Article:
This is already an issue in the current November window where the internationals have increased from 3 to 4 and on occasions an extra match has been played in December. You will also recall that for players to be released from their club contracts to play in the matches outside the window there has been a power struggle for players between the governing bodies and the clubs.


By agreeing to a global season with ‘ring fenced’ international windows avoids this type of conflict but it puts the players bang in the middle of these discussions. Thankfully their voices are being heard through the International Rugby Players (Association) but will the players have to play more games?


The October window would see the Northern hemisphere nations heading to play matches in the south with return or rotation fixtures taking place in November. If the maximum number of matches was 8 and as a player you played in all 5, 6 Nations matches that could mean playing a total of 13 International matches per season for northern hemisphere players.


Add to that a further 20 plus games of domestic rugby to that schedule then player welfare has to be a priority. Driving up revenues in the game could lead to more matches being played (some players have played up to 18 international matches in a season) and unions are desperate to make up the shortfall and the easiest way of doing this is by putting on matches.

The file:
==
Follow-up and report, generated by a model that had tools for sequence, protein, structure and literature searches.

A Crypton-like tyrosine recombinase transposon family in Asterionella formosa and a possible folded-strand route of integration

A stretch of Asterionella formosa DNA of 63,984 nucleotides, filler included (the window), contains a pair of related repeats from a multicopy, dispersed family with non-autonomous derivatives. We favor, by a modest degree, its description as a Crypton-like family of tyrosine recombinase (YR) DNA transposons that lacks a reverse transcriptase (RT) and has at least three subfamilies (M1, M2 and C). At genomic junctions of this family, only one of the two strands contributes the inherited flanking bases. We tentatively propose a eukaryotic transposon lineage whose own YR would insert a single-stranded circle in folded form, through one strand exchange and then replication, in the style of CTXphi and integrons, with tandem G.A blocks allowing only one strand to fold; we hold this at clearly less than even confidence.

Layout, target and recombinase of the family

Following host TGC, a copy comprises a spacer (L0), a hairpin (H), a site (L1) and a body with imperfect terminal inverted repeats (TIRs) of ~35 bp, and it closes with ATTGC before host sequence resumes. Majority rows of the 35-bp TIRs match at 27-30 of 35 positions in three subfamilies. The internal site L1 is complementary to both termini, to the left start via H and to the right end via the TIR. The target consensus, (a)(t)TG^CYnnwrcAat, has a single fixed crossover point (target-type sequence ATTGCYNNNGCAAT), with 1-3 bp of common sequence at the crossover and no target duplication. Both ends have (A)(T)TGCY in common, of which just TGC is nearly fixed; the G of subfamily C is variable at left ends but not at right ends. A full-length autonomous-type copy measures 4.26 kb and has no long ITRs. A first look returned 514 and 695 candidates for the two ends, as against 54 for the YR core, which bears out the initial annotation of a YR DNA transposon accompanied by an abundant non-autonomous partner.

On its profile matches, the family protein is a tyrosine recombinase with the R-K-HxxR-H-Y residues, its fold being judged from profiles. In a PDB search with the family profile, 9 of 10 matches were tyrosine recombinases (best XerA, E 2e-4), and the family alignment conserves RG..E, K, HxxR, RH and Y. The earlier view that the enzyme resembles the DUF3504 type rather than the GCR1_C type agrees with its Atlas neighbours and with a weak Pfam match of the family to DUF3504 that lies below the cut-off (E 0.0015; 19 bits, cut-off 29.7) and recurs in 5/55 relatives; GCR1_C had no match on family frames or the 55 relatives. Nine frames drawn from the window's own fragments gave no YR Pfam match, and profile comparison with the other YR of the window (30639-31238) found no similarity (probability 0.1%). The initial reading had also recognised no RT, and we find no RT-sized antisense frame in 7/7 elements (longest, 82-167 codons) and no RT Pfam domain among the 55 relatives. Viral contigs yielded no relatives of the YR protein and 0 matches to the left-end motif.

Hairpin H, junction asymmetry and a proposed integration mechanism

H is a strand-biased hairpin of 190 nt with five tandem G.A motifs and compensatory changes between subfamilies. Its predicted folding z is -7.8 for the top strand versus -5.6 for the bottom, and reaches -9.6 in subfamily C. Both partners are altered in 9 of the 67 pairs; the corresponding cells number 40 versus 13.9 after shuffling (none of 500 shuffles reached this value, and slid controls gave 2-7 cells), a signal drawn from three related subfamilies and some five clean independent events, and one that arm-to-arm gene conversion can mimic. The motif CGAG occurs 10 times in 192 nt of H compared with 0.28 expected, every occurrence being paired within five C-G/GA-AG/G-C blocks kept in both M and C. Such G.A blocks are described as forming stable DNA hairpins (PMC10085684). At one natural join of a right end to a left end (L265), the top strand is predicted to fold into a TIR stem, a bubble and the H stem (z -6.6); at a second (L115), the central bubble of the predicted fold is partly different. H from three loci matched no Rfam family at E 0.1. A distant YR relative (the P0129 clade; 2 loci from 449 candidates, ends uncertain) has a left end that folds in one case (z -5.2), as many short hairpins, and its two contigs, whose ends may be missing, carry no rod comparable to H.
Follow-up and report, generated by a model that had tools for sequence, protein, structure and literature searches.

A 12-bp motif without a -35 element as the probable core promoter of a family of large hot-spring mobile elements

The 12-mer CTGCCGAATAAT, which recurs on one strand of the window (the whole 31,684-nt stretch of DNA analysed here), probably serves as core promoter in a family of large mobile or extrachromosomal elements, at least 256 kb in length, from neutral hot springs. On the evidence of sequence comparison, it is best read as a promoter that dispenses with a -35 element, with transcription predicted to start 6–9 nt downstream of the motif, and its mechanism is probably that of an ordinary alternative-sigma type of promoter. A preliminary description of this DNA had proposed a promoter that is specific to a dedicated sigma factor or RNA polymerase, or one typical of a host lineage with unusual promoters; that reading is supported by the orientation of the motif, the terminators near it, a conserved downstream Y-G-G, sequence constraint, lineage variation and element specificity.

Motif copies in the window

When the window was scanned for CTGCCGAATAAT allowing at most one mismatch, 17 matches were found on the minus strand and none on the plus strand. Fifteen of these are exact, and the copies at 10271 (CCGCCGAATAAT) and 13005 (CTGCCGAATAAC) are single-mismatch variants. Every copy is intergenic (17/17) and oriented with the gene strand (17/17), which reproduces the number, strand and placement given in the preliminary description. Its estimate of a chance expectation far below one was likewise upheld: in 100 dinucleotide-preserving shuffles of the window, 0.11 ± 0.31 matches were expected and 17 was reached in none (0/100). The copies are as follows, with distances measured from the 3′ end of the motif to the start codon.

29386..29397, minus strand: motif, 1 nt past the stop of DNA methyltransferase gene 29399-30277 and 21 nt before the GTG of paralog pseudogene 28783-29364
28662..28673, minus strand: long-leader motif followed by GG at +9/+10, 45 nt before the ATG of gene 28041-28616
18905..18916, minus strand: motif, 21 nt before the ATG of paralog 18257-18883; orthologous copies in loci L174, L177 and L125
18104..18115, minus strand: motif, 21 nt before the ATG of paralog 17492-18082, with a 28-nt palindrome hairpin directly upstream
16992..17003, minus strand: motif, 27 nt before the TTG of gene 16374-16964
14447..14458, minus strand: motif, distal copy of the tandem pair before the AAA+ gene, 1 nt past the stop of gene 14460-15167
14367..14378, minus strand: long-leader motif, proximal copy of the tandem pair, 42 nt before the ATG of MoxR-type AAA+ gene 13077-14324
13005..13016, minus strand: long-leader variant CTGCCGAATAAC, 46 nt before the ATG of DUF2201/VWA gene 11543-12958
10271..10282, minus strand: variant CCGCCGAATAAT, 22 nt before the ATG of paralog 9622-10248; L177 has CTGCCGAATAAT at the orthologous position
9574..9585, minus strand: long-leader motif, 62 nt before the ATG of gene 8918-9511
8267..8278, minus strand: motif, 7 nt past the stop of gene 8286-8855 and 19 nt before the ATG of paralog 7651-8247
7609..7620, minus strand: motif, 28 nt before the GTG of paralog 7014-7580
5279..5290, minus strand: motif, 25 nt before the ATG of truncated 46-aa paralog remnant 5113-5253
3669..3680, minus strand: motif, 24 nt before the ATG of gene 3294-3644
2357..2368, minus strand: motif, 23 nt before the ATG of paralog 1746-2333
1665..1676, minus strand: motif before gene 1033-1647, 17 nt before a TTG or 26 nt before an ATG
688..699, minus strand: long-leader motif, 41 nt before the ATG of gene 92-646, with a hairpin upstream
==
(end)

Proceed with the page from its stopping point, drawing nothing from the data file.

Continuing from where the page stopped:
Play less International Matches.


Personally I think there are too many International matches and with International tours a thing of the past (with the exception of the Lions playing mid-week matches) I would go as far as capping the amount of international matches a player can play in one season to 12.


In other words ‘less is more’, but try and take that argument to Bill Sweeney the RFU’s Chief Executive who is facing a £50 million deficit over the next 18 months!


Domestic rugby success


One success story form the pandemic is the restructuring of the Super Rugby season and the clamour and support for provincial matches. The Super Rugby Aotearoa Championship in New Zealand has seen crowds flocking to the stadiums with massive television audiences following the action. Sponsors and stakeholders are reaping the benefits of that increased publicity and there is vibrancy surrounding the domestic game.


With the Super Rugby Australian competition starting this weekend albeit behind closed doors, the message coming out loud and clear is that rugby has a chance to rebrand and package itself based on local and provincial rivalry.